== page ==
Here's something you're not seeing reported in the news: the Big Bang may not have ever happened. New research posits that the universe may have existed forever, noting that general relativity can only explain what happened after the Big Bang, not during or before.
Get all the details HERE and scroll down for analysis from Glenn.
PAT: The science is settled. It's absolutely settled.
GLENN: This should be gigantic news. New quantum studies have shown that there is no such thing as the Big Bang.
STU: Yeah, it didn't happen. Why are you such a big science denier and think this didn't happen.
PAT: Because yesterday you were asking, why are you denying there was a Big Bang. But now you're asking, why are we denying that there wasn't and saying that there was. Yeah, the science is in. It's conclusive.
STU: We know the universe has existed forever. It's eternal.
GLENN: Is that a quote?
STU: The universe may have existed forever, according to a new model that applies quantum correction terms to complement Einstein's theory of general relativity. The model may also account for dark matter and dark energy, resolving multiple problems at once.
PAT: It's the only way they could resolve the math. They could not get the math right.
GLENN: Because everything breaks down the closer you get to the Big Bang.
GLENN: So all physics breaks down.
PAT: Yes. And it certainly breaks down during and prior to the Big Bang because they don't have any clue as to what was before it, how it happened, how this matter formed, what caused it to expand, they don't know any of that.
STU: Right. This brings up the question as to what exactly caused this to exist, if it's been there forever. What came before it?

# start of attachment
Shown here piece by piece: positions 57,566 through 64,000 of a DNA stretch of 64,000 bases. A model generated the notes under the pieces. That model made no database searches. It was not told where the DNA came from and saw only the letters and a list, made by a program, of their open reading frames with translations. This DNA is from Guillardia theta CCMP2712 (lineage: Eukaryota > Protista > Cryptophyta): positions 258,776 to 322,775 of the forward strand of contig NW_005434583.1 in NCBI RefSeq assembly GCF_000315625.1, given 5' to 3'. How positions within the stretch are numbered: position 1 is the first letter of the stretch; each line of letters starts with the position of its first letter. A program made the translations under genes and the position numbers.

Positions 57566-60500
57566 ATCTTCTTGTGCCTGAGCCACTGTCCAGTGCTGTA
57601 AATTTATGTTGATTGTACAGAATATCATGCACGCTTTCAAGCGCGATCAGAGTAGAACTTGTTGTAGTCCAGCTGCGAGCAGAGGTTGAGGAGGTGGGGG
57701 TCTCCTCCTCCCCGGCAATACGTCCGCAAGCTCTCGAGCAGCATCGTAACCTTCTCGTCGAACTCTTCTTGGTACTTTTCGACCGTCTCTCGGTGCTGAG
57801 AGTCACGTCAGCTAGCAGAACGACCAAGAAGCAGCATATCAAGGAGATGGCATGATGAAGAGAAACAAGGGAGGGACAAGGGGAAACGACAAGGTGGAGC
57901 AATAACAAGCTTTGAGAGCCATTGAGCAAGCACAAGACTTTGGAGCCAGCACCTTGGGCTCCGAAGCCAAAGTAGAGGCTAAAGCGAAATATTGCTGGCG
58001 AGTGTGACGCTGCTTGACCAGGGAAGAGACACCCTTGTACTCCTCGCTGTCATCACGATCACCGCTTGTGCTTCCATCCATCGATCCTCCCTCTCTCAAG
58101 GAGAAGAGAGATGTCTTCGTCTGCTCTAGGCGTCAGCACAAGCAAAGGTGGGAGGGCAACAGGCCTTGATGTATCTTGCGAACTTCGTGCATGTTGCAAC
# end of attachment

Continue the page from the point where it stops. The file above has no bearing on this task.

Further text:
STU: And as always, there's no answer to that.
STU: At least the Big Bang --
PAT: But they know everything, but shut up and believe everything they say every day about climate change and everything else because they always know, until they don't. Then now they do.
GLENN: This is huge news! The Big Bang has been discredited?
STU: I mean, maybe some of those are holding on to the antiquated ideas of the Big Bang. But this is a legitimate study.
PAT: Legitimate stuff. It's really fascinating to read the article. It almost sounds like a Sunday school class.
GLENN: Yeah, "the universe is eternal."
PAT: Yeah. It's interesting.
STU: And how many times have we heard the Big Bang -- like, you're a complete idiot if you don't believe exactly in the Big Bang as described.
Listen to this quote: The Big Bang singularity is the most serious problem of general relativity because the laws of physics appear to break down there. As Glenn was just describing, they knew the whole time that it couldn't have possibly happened the way they were describing it, but you still were an idiot for not believing it their way.
GLENN: That's unbelievable.
PAT: Yes. Yes. So they picked this arbitrary. It's not arbitrary. I mean, they used mathematics to figure it out. But they believed it was 13.8 billion years ago that the Big Bang happened. And now, not so much. It's always been here.
Oh, wait. Well -- what happened to create it then? Who did that?
GLENN: You know, you are such a science denier.
PAT: I know. I know. I know.
GLENN: You want to talk about flat earther. Here's the guy who thinks the universe is 13.6 billion years old?
GLENN: It's been here forever.
PAT: That's what they'll start saying to the Big Bang theorists. That's what they'll say to them now.
GLENN: No. They won't say that. They won't say that. I think the exact opposite is happening. I think the Big Bang, they will not let go of.
STU: I think you're right.
GLENN: The Big Bang stays.
STU: They'll keep it around for a while.
PAT: Because they have no other explanation for anything. They have to have it.
GLENN: And the Big Bang has been so good at discrediting an eternal being.